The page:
The University of Edinburgh (UoE) is an international centre for soft matter research. Soft matter scientists study complex liquids in which there are structures intermediate in size between the small molecules making up the solvent and the macroscopic world of structures visible to the naked eye. The structures may be pigment particles in paint (colloids), self-assembled aggregates of soap molecules in washing-up liquid (surfactant micelles), bubbles (say, in whipped cream) or long-chain molecules (polymers) such as DNA (as used in gene transfection). The field is of fundamental interest because the properties of these materials are controlled by many competing length and time scales, and can change dramatically under everyday conditions. Such materials are also ubiquitous in formulations of all kinds, such as medicines (CALPOL is a suspension of colloidal paracetamol) and personal care products (a shampoo is a surfactant-polymer mixture). They are also key intermediates in many sectors: all ceramics, for example, begin as soft pastes (think potter's clay) that are pumped into moulds or extruded before they are sintered at high temperatures to form the final hard products.
A fundamental challenge in soft matter is to figure out the way these intermediate structural elements are organised, and how such organisation changes in response to external forces. Most of such materials are opaque to light, so that optical microscopies of all kinds are not useful except to give surface information. As a result, scientists sometimes resort to various kinds of electron microscopy, which, however, operate in a vacuum, so that wet samples are desiccated and their native structures destroyed.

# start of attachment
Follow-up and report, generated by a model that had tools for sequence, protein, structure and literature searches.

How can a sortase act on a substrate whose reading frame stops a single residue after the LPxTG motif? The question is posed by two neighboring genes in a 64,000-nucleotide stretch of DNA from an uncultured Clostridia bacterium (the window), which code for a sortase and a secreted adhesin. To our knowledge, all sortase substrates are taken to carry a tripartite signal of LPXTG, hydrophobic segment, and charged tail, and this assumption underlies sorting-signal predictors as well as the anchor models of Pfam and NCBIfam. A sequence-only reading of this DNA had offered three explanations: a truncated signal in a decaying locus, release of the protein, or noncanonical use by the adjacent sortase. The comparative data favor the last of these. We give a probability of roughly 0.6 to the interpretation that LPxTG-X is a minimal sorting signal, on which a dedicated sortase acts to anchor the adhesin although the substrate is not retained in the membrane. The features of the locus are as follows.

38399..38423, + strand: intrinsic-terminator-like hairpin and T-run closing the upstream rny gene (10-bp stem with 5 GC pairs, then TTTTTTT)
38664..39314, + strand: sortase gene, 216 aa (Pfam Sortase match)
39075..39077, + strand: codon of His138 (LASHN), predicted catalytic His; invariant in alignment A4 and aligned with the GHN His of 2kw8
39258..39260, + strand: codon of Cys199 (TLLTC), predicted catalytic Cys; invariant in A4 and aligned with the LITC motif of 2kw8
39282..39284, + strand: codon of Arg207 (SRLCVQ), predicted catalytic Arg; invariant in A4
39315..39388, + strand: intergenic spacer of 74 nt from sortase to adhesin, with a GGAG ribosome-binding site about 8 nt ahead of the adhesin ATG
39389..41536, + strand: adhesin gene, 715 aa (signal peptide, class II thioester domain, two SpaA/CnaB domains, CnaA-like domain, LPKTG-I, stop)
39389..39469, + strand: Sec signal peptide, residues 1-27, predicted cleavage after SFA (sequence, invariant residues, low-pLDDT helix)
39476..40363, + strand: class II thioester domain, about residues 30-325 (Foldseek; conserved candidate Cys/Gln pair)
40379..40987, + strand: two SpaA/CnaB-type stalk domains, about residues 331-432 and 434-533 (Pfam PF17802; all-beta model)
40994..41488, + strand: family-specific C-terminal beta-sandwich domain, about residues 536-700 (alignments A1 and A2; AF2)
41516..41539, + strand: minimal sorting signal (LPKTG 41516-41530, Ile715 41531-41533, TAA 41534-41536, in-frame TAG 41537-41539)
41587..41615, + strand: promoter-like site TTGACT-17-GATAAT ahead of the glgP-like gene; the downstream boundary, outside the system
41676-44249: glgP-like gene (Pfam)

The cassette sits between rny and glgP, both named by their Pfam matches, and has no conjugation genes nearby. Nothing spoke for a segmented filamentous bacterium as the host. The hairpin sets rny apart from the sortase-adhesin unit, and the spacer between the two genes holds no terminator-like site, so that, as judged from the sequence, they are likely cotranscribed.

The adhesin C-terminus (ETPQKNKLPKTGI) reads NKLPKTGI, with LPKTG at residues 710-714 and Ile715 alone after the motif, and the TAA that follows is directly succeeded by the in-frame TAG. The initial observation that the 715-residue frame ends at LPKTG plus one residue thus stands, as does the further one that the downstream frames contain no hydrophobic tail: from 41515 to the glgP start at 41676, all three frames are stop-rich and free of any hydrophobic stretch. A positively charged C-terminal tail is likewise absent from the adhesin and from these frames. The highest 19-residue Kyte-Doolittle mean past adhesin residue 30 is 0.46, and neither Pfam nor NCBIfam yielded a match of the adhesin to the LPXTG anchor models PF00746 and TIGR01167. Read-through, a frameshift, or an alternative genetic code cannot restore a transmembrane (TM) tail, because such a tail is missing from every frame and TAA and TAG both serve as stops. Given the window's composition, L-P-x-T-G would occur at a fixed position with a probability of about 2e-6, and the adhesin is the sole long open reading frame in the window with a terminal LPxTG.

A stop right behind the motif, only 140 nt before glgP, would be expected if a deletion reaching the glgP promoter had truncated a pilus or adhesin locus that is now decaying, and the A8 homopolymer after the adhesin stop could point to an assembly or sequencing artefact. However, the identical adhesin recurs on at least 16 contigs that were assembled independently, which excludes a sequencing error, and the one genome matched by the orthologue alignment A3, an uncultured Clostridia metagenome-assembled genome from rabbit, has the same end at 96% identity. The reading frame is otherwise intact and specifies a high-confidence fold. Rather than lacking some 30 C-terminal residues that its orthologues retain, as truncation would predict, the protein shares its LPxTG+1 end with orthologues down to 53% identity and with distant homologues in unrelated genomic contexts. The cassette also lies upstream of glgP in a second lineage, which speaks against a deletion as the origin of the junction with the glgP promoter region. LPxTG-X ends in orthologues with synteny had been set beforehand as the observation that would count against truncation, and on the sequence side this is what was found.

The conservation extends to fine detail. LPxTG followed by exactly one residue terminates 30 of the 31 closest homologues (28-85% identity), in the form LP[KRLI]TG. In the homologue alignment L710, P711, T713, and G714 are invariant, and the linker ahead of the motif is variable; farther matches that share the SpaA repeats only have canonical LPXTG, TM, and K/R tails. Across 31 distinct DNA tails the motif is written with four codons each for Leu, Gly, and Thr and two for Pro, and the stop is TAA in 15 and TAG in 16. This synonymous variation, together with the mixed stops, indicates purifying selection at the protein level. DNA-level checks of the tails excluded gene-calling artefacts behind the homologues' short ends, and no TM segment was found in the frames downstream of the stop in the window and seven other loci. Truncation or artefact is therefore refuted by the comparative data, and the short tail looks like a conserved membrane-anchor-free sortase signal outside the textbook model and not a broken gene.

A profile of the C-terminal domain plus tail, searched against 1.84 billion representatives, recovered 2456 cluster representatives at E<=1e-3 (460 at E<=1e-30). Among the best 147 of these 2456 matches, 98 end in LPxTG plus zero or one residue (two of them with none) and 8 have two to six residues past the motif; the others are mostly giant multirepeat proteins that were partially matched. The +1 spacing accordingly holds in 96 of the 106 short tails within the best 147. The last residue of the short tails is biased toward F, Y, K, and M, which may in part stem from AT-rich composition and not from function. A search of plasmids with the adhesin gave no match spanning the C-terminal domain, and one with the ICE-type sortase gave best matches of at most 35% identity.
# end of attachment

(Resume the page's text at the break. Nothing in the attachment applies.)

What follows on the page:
A major development in the last decades is cryogenic scanning electron microscopy (cryo-SEM). A native, wet soft sample is frozen in liquid nitrogen, using special techniques to ensure rapidity of cooling to preserve intricate microstructures. Then these frozen samples are fractured, exposing internal structures to be imaged by SEM. (One disadvantage is that samples fracture more or less randomly, so that what is exposed to view is haphazard.) A single cryo-SEM instrument exists at UoE. This decade-old instrument is limited in both resolution (ten times worse than the best instruments today) and in access for soft matter scientists, as it requires laborious conversion of the system to cryogenic mode. We propose to purchase a state-of-the-art cryo-SEM to enable this cutting-edge technique to become routinely available for day-to-day work.
This purchase is timely, because cryo-SEM has recently been revolutionised for soft matter researchers by the addition of focussed ion beam (FIB). This powerful technique uses a focused beam of charged atoms (ions) to cut and section specimens very accurately inside the SEM. This not only allows the user to expose desired sections at will, but also to build up a complete 3D picture (literally) by imaging the sample section by section to a resolution of 10 nm (100 times the size of atoms). We propose to purchase a cryo-FIB SEM. The technique is so new that we know of only two current instruments in the UK, neither of which is dedicated to the study of soft matter. We propose to add X-ray tomography capability to our cryo-FIB SEM. This allows us to build up a 3D picture non-destructively to 350 nm resolution, much like the way X-ray CT scanners build up 3D images of the body in hospitals. The availability of this combined suite of instruments will transform the ability of soft matter scientists to see inside their samples routinely. A host of exciting applications immediately follow. One example is 'designer electrodes' based on novel soft materials that minimise expansion/shrinkage during charge/discharge cycles. A programme of outreach and training will make this facility available to academic and industrial researchers UK-wide.